- Figure 3 shows a typical schematic plan view of a first and second picking level in a storage facility with a single level routing conveyor and
- Figure 4 shows a typical schematic plan view of a picking level in a further storage facility with a two level routing conveyor.
In figure 1 a schematic plan view of a storage facility with a separation area I and with an automated storage II is shown.
The automated storage II is connected to the separation area I by a routing conveyor 5, which eventually leads to a shipping area III.
The automated storage II comprises a three dimensional racking 6 for storage of receptacles with shuttles 11 servicing each aisle 13 and each level.
When all of the items to complete an order are available in the automated storage II, the corresponding receptacles containing said items for fulfillment of said certain order are retrieved and transported to one of a plurality of picking stations 7 of the automated storage II for specific item retrieval for fulfilling said certain order.
Each aisle 13 is directly connected to one of said plurality of picking stations 7 and receptacles O containing items for orders to be fulfilled at such connected picking station 7 are stored within the connected aisle 13.
At said picking station 7 retrieved items are picked from the (donor) receptacles D and packed with other retrieved items of an order for order fulfillment into order receptacles O.
At the time of retrieval of the specific receptacle containing an item for the certain order it is checked according to predetermined criteria whether the same item is needed for fulfillment of further orders and if this is the case items from the receptacle are placed into separate receptacles S1, S2, S3...Sx for dedicated storage in different aisles 13 according to picking station 7 assignment for said further orders.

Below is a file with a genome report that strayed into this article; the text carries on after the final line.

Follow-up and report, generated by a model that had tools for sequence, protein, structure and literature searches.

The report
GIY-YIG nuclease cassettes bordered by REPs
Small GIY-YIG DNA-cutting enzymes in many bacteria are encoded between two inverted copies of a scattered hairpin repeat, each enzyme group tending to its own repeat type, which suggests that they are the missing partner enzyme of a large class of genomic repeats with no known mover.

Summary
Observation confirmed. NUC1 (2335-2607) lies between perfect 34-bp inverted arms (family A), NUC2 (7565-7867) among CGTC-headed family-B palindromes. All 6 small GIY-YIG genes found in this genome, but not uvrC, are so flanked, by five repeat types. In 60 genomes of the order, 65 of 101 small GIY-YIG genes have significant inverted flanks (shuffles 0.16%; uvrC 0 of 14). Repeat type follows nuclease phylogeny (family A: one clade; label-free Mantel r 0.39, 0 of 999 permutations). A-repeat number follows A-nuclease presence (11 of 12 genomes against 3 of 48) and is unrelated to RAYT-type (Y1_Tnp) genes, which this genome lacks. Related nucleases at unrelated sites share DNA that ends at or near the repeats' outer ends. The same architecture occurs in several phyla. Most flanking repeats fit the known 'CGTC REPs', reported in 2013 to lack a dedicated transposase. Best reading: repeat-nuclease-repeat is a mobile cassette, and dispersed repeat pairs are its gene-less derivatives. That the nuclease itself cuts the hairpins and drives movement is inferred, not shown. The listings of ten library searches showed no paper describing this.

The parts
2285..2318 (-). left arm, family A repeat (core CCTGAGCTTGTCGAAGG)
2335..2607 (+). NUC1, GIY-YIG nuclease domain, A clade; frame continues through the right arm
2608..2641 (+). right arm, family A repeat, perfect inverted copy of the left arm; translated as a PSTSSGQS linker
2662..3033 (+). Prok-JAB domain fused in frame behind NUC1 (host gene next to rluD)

To perform this separation, the corresponding receptacle D is transferred to a dedicated separation station 4, e.g. via the routing conveyor 5 on a specific level. At the separation station 4 an operator 1 places items from the donor receptacle D into separate receptacles S1, S2, S3...Sx as needed.
These separate receptacles S1, S2, S3...Sx are then routed back into the storage racking 6 into the aisles 13, corresponding to the further orders. This process of separation is indicated by the arrows in Figure 1.
Separation of items may also be performed at said picking station(s) 7.
The predetermined criteria for checking is in the present case whether the same item is needed for fulfillment of further orders from the queue (of orders in the warehouse management software/ database) at the given point in time in the future and have been assigned to a different aisle.
If there is more than one order associated with such an aisle, the total number of items needed for all of those orders all associated with the single aisle or certain picking station are placed into a mutual receptacle Sx during the separation process.
The automated storage II comprises a storage racking 6 comprising a plurality of multilevel storage racks R in which order and/or product receptacles, in general designated with U, are stored, wherein the storage racks R are disposed back-to-back in pairs and have an aisle 13 between pairs (see also figure 2).